The New York Times once declared that Darlene Love's “thunderbolt voice is as embedded in the history of rock and roll as Eric Clapton's guitar or Bob Dylan's lyrics.” A bold statement, but fitting for popular music's greatest sessions vocalist and backup singer – and among the most recognizable voices in rock and roll history. “I never pushed to be a star,” she told writer David Hinckley in 1992. “I didn’t want to. I had my home, my family. Session work let you do the music and leave.”
Among rock cognoscenti, Love is best known for “He’s a Rebel,” a song credited to the Crystals that was in actuality sung by Love and her vocal group, the Blossoms. That's a story unto itself. With the Blossoms, Love sang with the likes of Sam Cooke, Elvis Presley, the Beach Boys, Jan and Dean, the Mamas and the Papas, Duane Eddy, Sonny and Cher, Frank Sinatra, Tom Jones, Luther Vandross and Dionne Warwick. And that is just the tip of the iceberg.
“One time I had to make a list of all the people I’ve worked for,” Love recalled in a 1985 Goldmine interview. “The ...
“Wanna die today? Wanna die today?” The Damned’s Captain Sensible and I are standing on a secluded stretch of sidewalk in Croydon, South London, just a stone’s throw from his childhood home, and we’re being mugged.
All in the span of two, maybe three seconds, someone’s unsuccessfully attempted to yank the Canon 5D camera off my shoulder, and now we’ve both spun around and are being barked at by a man gesturing to his left pocket, where he appears to be concealing a blade. “Wanna die today? Wanna die today?” he says as his eyes scan for passersby.
It only takes Captain Sensible a half-second to realize that, actually, no, today isn’t a good day to die. And he bolts off down the road, disappearing around the corner, all six-plus-feet of him. I quickly realize I’m not going to be able to outrun this guy, so I make a beeline for my rental car parked about 100 yards away. Best I can hope for is to beat him to the car, toss the camera in the back and get the fuck out of there.
We’re told from an early age that if ...
Rock and Roll Hall of Fame Inductee Sir Paul McCartney surprised Beatles fans by sharing exclusive, behind-the-scenes footage from the 2015 Rock and Roll Hall of Fame Induction Ceremony, where he inducted longtime friend and bandmate Ringo Starr.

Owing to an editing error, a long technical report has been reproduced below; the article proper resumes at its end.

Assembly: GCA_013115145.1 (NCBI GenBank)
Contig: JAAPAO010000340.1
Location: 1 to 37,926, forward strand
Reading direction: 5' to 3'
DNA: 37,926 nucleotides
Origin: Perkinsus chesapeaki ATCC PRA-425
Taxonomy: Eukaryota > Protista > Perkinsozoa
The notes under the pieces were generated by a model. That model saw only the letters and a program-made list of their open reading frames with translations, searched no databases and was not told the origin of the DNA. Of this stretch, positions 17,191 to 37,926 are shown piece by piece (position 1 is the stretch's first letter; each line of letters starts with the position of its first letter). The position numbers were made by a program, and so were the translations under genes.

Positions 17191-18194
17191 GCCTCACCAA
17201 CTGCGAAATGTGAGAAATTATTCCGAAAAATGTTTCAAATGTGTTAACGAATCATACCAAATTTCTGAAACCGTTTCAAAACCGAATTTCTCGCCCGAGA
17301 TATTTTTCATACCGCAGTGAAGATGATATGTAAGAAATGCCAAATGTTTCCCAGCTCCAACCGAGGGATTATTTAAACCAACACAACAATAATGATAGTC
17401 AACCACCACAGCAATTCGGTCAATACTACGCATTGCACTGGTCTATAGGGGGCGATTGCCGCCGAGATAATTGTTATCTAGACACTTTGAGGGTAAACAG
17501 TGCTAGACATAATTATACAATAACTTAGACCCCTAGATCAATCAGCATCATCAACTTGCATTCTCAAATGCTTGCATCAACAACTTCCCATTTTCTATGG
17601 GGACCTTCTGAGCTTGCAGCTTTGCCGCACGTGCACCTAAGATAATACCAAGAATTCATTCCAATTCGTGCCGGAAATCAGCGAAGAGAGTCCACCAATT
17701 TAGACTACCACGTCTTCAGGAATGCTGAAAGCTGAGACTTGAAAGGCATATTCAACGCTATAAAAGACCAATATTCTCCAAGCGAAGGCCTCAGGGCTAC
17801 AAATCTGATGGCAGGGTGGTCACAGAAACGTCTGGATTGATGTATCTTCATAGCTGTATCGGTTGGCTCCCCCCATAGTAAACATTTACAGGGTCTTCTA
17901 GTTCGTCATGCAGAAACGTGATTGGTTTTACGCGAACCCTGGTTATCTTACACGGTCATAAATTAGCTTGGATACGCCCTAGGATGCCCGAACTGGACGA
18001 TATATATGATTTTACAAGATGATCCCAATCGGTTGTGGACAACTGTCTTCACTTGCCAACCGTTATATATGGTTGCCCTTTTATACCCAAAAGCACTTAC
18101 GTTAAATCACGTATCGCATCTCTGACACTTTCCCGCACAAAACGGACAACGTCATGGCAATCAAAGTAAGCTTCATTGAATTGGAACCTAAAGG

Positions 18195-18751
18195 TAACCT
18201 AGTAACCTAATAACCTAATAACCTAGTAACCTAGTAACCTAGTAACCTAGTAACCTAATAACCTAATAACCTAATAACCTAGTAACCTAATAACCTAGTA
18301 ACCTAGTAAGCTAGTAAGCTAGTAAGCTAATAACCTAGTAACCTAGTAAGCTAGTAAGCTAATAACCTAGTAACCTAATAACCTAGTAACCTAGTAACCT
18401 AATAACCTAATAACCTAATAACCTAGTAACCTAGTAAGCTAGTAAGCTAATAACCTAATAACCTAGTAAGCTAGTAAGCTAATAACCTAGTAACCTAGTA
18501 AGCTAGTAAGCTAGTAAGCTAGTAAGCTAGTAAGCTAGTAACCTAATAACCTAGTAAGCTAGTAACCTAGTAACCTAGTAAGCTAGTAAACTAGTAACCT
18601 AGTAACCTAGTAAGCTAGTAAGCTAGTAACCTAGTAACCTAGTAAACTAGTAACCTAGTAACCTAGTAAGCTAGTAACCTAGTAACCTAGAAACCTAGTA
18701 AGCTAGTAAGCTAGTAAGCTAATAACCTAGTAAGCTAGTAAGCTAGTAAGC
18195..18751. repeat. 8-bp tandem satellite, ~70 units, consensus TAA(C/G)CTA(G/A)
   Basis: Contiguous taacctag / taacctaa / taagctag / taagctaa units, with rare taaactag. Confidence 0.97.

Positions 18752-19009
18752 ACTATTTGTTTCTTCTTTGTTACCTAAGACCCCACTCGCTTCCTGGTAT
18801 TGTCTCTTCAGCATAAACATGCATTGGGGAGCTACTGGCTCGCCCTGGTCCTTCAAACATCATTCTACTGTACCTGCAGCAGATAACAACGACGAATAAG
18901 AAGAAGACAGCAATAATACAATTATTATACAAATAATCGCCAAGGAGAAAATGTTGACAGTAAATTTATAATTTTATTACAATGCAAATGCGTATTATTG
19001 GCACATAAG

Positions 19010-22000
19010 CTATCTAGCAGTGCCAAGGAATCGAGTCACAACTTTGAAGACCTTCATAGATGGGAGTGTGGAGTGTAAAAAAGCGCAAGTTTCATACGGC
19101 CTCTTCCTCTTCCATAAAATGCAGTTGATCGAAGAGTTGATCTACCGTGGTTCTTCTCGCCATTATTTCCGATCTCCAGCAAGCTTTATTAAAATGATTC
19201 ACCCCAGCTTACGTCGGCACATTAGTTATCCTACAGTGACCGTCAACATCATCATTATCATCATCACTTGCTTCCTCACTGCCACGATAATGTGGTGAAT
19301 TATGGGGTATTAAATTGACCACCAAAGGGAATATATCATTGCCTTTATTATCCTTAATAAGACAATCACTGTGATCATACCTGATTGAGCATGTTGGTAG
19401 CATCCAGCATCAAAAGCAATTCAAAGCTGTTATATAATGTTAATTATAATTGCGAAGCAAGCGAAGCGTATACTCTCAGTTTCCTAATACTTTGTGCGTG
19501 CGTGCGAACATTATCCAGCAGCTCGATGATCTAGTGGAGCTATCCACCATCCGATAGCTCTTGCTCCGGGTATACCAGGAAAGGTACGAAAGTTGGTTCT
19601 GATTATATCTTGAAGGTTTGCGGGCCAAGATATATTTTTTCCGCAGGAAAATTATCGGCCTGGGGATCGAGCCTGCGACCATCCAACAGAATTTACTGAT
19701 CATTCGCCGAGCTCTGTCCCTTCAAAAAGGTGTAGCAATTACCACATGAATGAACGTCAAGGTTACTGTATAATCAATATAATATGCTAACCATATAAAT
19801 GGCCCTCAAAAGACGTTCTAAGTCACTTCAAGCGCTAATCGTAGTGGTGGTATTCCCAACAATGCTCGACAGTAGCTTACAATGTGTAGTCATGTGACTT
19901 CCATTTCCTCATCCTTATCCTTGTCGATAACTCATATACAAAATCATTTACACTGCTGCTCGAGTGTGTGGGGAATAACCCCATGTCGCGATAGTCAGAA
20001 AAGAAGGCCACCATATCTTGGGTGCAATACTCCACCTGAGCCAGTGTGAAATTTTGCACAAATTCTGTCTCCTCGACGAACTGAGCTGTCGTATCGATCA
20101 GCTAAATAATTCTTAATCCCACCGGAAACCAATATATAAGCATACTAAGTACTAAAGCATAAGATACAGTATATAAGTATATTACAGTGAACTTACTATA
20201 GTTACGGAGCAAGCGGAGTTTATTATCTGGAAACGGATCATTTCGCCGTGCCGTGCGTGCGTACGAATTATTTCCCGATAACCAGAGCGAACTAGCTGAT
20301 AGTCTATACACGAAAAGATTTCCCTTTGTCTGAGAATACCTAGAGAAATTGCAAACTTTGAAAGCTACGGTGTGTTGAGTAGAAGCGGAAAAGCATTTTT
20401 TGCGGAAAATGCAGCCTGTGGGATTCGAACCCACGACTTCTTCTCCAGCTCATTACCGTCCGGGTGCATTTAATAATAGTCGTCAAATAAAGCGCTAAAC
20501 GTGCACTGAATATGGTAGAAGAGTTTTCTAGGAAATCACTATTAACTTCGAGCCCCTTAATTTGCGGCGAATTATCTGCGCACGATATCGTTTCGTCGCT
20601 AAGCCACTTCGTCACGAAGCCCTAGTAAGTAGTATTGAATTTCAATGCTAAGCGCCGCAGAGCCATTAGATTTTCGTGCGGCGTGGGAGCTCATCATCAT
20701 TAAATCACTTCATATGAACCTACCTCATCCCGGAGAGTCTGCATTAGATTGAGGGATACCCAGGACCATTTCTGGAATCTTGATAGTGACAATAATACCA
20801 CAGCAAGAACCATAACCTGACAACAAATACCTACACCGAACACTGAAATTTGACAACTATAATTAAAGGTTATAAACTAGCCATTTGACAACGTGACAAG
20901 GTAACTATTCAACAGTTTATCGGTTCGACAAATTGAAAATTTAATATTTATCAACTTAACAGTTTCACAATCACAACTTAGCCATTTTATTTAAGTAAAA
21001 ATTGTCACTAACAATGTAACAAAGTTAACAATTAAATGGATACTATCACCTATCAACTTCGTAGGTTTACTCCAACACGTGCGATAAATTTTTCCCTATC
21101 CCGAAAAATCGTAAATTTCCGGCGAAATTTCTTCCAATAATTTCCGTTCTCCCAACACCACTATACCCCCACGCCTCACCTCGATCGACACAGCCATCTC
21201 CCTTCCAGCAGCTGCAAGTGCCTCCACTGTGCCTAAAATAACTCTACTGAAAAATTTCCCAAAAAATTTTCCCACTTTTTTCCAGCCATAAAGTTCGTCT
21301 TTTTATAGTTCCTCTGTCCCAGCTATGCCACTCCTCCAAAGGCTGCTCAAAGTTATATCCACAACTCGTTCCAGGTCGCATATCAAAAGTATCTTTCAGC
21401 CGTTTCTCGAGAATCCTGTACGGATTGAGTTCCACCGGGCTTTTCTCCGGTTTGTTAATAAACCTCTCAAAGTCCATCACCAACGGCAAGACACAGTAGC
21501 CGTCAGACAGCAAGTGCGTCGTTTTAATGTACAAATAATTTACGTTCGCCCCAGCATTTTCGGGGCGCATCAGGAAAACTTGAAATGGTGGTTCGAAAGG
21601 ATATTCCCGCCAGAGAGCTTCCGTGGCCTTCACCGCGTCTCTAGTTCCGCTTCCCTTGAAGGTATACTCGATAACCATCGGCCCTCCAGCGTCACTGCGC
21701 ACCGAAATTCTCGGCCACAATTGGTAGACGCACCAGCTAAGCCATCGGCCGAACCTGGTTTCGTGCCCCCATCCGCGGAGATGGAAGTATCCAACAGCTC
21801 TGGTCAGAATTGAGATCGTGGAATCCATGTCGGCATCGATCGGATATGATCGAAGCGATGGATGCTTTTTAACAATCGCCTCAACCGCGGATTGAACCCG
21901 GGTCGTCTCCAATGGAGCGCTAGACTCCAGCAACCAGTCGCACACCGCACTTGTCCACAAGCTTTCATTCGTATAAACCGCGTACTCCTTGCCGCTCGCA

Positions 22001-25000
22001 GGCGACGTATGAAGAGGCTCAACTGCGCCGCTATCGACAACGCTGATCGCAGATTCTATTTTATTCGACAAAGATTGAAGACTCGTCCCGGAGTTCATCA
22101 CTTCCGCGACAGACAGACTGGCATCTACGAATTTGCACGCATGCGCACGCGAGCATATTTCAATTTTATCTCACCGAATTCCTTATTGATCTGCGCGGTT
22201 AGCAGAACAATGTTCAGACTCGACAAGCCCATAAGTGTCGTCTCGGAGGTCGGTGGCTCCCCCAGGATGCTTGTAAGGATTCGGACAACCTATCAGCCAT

The four-minute video, which was shared on McCartney's YouTube channel, begins with McCartney arriving at Cleveland’s Public Hall, later delivering a rousing: “Rock and Roll Hall of Fame, baby. Cleveland. Oh yea!”
Several inductees are featured in the video, including Stevie Wonder, who embraces McCartney and congratulates Starr. The two Beatles joke with Wonder, saying: “We’re reforming the group, man. You want to join?” We're sure the world would love to see that happen.
After a quick photo-op with 2015 Rock and Roll Hall of Fame Inductee Billie Joe Armstrong of Green Day, McCartney joins nearly all of the 2015 inductees, performers and presenters onstage to rehearse the Beatles’ “With a Little Help from My Friends,” from their 1967 album Sgt. Pepper’s Lonely Hearts Club Band. Then, McCartney, Ringo and Hall of Fame Inductee Joe Walsh run through Starr’s 1971 single, “It Don’t Come Easy.”
After a clip of McCartney and Walsh reliving their glory ...
With the patriotic pageantry, fireworks, barbecues and neighborhood gatherings that come with the 4th of July just around the corner, Rock Hall staff crafted the ultimate playlist as the soundtrack to all things Americana and celebrations of summertime fun.
The 50-song list covers a lot of musical territory, from 50s to today, blues, pop, punk, R&B, jazz and some classic rockers, of course. Inductees feature prominently – Alice Cooper, Sly and the Family Stone, Young Rascals, Bob Marley, Janis Joplin, Martha Reeves and the Vandellas, the Ramones, among many others – but so do other artists who've made their mark with sunny revelations: Kool and the Gang, Chicago, the Undertones, the Surfaris, Lovin' Spoonful, Billy Idol, Afrojack and, yes, Katy Perry.
Get the Rock Hall's Ultimate 4th of July playlist via Spotify.
In the meantime, here are three tracks that are so routinely misinterpreted – and we included some deliberately in our list! – we just had to give the backstory.
Arguably the most misappropriated song in rock and roll history, "Born in the USA" has been the anthemic backdrop to countless episodes of fist-pumping demonstrations. Anti-Muslim protestors chanted the chorus while picketing the site ...